As the National Telecommunications and Information Administration (NTIA) states, “an SBOM is a formal record containing the details and supply chain relationships of various components used in building software.” It provides a detailed inventory of all the parts contained within the software, including open-source libraries, third-party components, and proprietary code. This transparency helps organizations manage their supply chain, identify vulnerabilities in a preventative manner, and response to security incidents faster.

The promise of SBOMs are that an up-to-date and comprehensive Bill of Materials ensures high-quality code, compliance with regulations, and security from attack.


3. Minimum Components of an SBOM

Because of the fast-moving and evolving nature of both the situation and the technology, the minimum requirements of an SBOM were originally kept simple and flexible by the NTIA.

  • Data Fields: SBOMs must include the baseline information about each component. This includes a data field for each component including supplier name, component name, version, dependencies, author of the SBOM data itself, and timestamp. This information sets components apart from one another and makes them easier to track.
  • Automation Support: Due to the nature of CI/CD pipelines, SBOMs should support automation. Thus, SBOMs can be read and generated by machines and scale across one’s ecosystem. This led to a standardization of their formats as well, with the three acceptable formats being Software Package Data eXchange (SPDX), ClycloneDX, and Software Identification (SWID) Tags.
  • Practices and Processes: Lastly, the NTIA has a list of practices and processes for organizations to follow. They include a standard that a new SBOM must be created whenever a software component is updated in a new build or release, that they should be distributed and delivered in a timely fashion, and that they must be access-controlled.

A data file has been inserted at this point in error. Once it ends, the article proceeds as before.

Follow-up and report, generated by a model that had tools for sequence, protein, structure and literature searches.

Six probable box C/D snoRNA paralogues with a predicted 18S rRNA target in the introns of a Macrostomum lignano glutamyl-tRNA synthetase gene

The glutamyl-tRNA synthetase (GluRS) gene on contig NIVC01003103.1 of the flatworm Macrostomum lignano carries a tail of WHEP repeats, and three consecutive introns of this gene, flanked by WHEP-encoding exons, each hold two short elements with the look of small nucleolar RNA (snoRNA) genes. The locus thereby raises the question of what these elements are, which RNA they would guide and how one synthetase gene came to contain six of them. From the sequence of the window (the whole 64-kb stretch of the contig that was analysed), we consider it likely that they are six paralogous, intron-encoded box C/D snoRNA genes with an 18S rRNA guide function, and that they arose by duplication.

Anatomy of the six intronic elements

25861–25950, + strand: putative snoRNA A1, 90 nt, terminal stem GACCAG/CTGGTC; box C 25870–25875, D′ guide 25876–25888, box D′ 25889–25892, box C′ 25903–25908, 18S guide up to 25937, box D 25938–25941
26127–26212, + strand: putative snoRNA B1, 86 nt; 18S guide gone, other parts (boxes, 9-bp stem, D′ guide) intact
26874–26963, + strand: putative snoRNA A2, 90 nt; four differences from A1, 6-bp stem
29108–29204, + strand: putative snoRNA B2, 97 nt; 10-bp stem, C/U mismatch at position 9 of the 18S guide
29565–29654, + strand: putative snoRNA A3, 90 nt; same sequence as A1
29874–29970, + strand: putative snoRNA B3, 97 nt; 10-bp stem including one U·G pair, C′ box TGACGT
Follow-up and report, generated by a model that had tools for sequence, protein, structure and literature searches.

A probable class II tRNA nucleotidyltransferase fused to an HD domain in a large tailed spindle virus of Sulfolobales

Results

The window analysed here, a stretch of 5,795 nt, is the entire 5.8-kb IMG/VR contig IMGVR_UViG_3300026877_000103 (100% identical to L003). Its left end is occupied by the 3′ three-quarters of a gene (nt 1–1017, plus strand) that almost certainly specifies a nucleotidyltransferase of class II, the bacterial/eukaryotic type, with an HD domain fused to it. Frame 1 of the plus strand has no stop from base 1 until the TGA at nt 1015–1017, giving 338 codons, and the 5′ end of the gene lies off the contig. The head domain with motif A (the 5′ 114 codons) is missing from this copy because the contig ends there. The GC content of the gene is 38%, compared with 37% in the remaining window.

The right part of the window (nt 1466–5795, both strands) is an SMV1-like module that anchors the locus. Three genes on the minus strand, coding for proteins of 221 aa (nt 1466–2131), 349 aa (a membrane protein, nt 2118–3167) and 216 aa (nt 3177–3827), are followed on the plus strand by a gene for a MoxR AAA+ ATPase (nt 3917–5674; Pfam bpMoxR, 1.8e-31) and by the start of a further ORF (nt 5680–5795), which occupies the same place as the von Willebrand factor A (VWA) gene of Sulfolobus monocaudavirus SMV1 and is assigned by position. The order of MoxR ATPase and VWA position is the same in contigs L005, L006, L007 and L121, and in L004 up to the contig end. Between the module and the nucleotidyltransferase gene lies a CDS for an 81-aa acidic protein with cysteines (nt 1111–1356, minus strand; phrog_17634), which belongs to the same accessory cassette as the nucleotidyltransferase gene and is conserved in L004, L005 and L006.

4. Main Benefits of SBOMs

Here are the primary ways that SBOMs help an enterprise-level organization:

  1. Enhanced Software Security: Since SBOMs provide a comprehensive inventory of all software components used in an application, organizations can quickly identify and address security vulnerabilities. By tracking known vulnerabilities and applying patches, organizatoins can improve the overall security posture of their software.
  2. Risk Mitigation in the Supply Chain: With SBOMs, organizations gain visibility into their software components. This assists in assessing risks in the supply chain and making informed decisions about hardening and patching. Essentially, having an SBOM streamlines the process of identifying which components need security patches and updates.
  3. Regulatory Compliance: SBOMs help organizations be compliant with current and future guidelines when it comes to cybersecurity.
  4. Improved License Management: SBOMs help organizations understand the licensing requirements associated with each component. This aids in ensuring compliance with open-source licenses and other licensing obligations, thus preventing legal issues related to software licensing.
  5. Transparency and Trust: SBOMs allow for transparency in software development practices, fostering trust among customers, partners, and stakeholders. Demonstrating a commitment to security and accountability can be a competitive advantage for enterprise-level organizations, especially when cybersecurity incidents are common.